UMMERTIME BRINGS A CLEAN SLATE for homeschool planning. I am, dear reader, a planning “nerd” and take great pleasure in the process: buying new supplies, meticulously going through and choosing “living books” 1 for next year’s reading, creating each child a schedule for the entire year, assembling each child’s binder filled with hymns, chants, folk songs, poems, and recitation pieces, printing out artist study pieces, pre-reading, and so much more. It is a labor of love!
About three weeks ago I began compiling poems for my eldest daughter’s (6th grade) poetry study. She studies one poet per term and focuses on memorizing a few of his/her poems. Next year she will read Robert Frost. We seek to share feasts of beautiful lines, in this case describing nature: forests of birch trees.
Below is an excerpt from Frost’s “Birches” which I selected for next year’s poetry study. This is only an appetizer of the feast at our school table. Bon appétit!
So was I once myself a swinger of birches.
And so I dream of going back to be.
It’s when I’m weary of considerations,
And life is too much like a pathless wood
Where your face burns and tickles with the cobwebs
Broken across it, and one eye is weeping
From a twig’s having lashed across it open.
I’d like to get away from earth awhile
And then come back to it and begin over.
In these lines we are lamenting. We have tears in our twig-whipped eyes, where paths are absent in our journey, where for whatever reason, we are the ones who have to blaze ahead. So much of my own personal journey as a Catholic rediscovering the patrimony of my faith has been figuring out how to walk the right ways of worship, the right ways of mothering, and most pertinent to this post, how to walk the right way of educating my own children.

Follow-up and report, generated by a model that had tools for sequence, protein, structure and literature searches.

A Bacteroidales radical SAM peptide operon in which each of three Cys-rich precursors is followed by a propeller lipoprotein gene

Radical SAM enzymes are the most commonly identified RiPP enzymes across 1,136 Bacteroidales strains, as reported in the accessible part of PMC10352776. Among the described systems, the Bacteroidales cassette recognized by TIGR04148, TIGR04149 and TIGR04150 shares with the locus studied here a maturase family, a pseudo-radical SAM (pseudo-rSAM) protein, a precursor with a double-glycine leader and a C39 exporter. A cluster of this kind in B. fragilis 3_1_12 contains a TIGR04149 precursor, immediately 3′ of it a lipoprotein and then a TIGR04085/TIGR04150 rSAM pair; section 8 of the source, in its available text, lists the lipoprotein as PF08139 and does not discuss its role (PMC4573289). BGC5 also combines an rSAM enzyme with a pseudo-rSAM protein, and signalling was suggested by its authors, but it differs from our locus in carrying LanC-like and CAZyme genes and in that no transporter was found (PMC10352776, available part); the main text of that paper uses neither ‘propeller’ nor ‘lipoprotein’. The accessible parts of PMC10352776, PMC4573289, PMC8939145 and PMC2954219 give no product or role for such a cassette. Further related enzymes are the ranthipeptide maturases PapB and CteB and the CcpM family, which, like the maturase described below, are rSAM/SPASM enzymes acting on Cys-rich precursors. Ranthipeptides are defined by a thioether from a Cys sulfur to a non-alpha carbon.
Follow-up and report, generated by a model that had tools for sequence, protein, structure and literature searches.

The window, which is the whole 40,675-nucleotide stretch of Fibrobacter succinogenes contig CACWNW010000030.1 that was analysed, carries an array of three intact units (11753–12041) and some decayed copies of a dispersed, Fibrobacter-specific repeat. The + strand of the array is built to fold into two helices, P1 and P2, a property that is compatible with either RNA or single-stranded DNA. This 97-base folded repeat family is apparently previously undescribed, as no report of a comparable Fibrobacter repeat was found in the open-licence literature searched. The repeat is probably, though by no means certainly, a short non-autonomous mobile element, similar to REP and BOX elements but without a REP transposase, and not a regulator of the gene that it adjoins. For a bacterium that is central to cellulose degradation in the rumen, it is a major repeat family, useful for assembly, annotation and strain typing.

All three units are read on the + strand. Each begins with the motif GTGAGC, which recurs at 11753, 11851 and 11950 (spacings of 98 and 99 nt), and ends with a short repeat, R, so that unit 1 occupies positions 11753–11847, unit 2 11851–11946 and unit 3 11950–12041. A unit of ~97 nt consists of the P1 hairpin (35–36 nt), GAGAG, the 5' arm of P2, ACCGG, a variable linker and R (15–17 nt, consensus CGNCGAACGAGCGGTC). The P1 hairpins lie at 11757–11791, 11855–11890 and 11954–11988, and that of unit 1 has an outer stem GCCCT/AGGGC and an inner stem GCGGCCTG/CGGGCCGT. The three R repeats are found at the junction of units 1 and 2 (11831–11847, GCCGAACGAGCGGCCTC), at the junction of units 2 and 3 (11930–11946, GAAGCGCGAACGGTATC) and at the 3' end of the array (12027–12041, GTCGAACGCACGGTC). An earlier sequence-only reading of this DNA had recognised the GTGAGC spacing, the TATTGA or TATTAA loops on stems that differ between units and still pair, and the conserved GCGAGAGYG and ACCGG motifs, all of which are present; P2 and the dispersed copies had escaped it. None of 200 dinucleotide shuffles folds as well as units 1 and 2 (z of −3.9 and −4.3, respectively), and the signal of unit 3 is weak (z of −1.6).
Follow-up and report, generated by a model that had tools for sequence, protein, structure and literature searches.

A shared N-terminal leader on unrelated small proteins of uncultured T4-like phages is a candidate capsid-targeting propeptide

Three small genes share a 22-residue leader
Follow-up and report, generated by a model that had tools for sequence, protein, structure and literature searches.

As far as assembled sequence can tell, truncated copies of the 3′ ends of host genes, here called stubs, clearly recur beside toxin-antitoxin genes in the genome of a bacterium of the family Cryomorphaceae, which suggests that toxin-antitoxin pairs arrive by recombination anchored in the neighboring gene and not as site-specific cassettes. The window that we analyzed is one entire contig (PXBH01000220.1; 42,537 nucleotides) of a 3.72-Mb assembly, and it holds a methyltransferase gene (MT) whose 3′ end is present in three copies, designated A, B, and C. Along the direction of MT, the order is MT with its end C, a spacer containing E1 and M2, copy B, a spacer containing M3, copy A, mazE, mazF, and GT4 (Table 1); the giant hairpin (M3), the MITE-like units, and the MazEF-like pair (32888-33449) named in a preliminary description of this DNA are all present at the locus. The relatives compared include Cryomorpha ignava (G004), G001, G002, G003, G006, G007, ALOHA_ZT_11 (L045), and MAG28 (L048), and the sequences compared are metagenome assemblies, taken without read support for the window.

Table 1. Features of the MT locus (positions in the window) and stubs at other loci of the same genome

Dear reader, this writer’s eyes have watered to the point of wanting “to get away from it”, this sometimes lonely homeschooling!
But summer! This is a time of recharging batteries and fallow rest. This planning time preparing me for teaching in the Fall. Because covid or no covid, this home school will open this Fall.
In addition to poetry, my children work on recitation pieces throughout the year. Recitation, simply defined, is teaching children how to speak beautifully. The educator Charlotte Mason explained that “the child should speak beautiful thoughts so beautifully, with such delicate rendering of each nuance of meaning, that he becomes to the listener the interpreter of the author’s thought.” 2 One of the our recitation pieces for next year will be the hymn “Pange Lingua” written by St. Thomas Aquinas and translated by Fr. Edward Caswall into English.
There’s too much to say about these lines, I am not worthy even of an introduction. So I’ll just rest assured that my homeschool education goals here align with Saint Pope John Paul II: “Let us make our own the words of Saint Thomas Aquinas, an eminent theologian and an impassioned poet of Christ in the Eucharist, and turn in hope to the contemplation of that goal to which our hearts aspire in their thirst for joy and peace.” 3